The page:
To add to the entry budget, many knowledge management tools are sold as is, instead of being software as a service (or worse, custom-built/built in-house), and require servers and IT departments to install and maintain them.

The result is that SMEs and new teams skipped knowledge management entirely, and the issue was tackled only by companies that must have good knowledge management (such as law firms, accountants, consultants, and massive organisations).

5. How can Knowledge Management improve collaboration across departments?

Knowledge management establishes guidelines on where to store information, and how to do so. Since every individual has their own way of thinking and organising themselves, creating those guidelines reduces chaos and creates a more unified way of documenting.

This is where it becomes important: sticking to those guidelines (even if this is not the “best” way to document) ensures other people can trust where the information is. In turn, trusting where this information is allows access to knowledge easily. Being able to access knowledge easily reduces the time taken to do a task, interruptions when asking colleagues, and occurrences of duplicated work. Even better, it reduces knowledge lost when someone leaves the company and prevents costly mistakes.

For example, imagine a company's sales department using a CRM (Customer Relationship Management system) to record every interaction between a salesperson and a customer. Good knowledge practice is to make clear to the whole department that everyone must record every meeting, email and note, and save this in the CRM, and files that cannot be saved in this CRM are stored in a shared online drive with one folder per company and a specific naming scheme. If a salesperson leaves the team or is unavailable, the rest of the team can safely take over the customer: the customer information is easily reachable and up to date.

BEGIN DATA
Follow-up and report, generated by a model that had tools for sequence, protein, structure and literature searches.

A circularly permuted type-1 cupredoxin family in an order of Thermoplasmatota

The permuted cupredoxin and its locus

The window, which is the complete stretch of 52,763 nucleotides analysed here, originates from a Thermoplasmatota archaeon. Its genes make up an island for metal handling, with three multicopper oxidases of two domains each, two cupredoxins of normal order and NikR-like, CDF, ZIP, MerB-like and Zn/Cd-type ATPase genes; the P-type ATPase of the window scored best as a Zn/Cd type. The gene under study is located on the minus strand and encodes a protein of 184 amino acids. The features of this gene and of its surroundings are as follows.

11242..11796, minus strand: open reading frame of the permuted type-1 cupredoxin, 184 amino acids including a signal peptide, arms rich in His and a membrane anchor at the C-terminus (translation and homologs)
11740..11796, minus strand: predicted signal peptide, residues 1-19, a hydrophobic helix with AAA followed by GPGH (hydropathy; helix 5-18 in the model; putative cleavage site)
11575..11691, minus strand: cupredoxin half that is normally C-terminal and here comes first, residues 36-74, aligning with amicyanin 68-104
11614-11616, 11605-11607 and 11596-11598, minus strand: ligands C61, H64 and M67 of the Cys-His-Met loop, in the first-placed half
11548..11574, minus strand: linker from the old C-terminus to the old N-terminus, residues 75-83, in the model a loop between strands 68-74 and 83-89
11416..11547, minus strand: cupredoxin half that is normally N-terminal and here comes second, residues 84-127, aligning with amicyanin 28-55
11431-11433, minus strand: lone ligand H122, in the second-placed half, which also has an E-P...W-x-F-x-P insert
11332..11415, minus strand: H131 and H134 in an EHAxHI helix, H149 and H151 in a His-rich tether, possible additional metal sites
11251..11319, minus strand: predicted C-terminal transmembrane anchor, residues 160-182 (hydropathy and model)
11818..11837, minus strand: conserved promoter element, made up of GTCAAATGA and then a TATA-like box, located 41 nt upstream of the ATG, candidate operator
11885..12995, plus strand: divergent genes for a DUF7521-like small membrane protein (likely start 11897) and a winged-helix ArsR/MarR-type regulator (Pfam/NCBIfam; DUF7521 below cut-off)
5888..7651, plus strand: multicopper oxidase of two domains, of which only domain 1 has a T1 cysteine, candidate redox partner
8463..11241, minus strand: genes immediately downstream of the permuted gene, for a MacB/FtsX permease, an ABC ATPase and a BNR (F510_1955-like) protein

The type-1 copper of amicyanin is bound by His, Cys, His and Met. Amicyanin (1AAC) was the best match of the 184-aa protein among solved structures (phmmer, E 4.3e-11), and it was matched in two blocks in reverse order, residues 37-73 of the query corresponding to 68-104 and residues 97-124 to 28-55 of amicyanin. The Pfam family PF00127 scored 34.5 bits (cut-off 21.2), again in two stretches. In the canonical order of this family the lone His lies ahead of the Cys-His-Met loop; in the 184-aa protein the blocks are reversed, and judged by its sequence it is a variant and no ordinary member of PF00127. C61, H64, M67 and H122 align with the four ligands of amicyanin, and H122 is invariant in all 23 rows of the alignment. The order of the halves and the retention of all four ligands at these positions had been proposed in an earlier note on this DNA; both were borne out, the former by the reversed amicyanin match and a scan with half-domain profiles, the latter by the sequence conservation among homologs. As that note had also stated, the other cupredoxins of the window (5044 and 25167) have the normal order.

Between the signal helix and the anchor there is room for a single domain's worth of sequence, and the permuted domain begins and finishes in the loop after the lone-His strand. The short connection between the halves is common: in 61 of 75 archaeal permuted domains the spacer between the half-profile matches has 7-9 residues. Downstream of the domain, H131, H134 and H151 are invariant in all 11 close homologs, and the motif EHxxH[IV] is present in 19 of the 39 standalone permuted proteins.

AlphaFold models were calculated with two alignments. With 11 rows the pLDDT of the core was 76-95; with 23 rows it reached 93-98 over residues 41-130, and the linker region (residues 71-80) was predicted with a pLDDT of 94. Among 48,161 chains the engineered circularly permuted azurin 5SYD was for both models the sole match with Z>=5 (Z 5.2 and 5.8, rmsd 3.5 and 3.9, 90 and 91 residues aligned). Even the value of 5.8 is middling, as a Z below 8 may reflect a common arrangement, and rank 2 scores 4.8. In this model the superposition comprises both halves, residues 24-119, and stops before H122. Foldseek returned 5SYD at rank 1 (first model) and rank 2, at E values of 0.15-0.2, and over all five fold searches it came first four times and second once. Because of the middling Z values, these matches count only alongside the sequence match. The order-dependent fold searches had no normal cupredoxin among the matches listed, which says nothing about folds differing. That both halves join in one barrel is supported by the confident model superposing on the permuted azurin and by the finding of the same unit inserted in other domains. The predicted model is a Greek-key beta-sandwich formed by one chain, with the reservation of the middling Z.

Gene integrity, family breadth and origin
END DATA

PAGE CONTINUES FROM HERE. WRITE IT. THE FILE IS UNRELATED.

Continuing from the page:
6. What is the difference between structured data and unstructured data

The best way to visualise what is structured data is to look at a form. Structured data refers to data that is labelled and standardised. Those documents have “metadata”, which provides information about the document content and structure (for example a customer always has an email). It means that no matter how many data points (or documents) you have, they will all have the same fields (for example: every customer will have a different email, but you are sure the email will always be present).

On the other hand, unstructured data is raw and lacks standardisation. It is often uncategorised and does not contain tags or metadata, making it challenging to analyse using traditional computing methods. For example, the text of a book online, with no indication of how the chapters are identified.

Humans are very good with unstructured data (just by looking at a book, you can locate the title, the summary, and the editor by looking at the letters' size, location and if it is bold or not). Computers are not good with unstructured data (if you don’t specifically tell the computer where the title is, it will not be able to locate it). However, humans are slow to gather and use information, while computers can process millions of records in less than a second.

This is why the field of AI has been getting more and more traction in the last 10 years: AI enables computers to process unstructured data.

7.  What is AI?

If you are not in tech, a quick thing to know: AI has existed since the mid-90s and started to gain popularity with techies around 2015.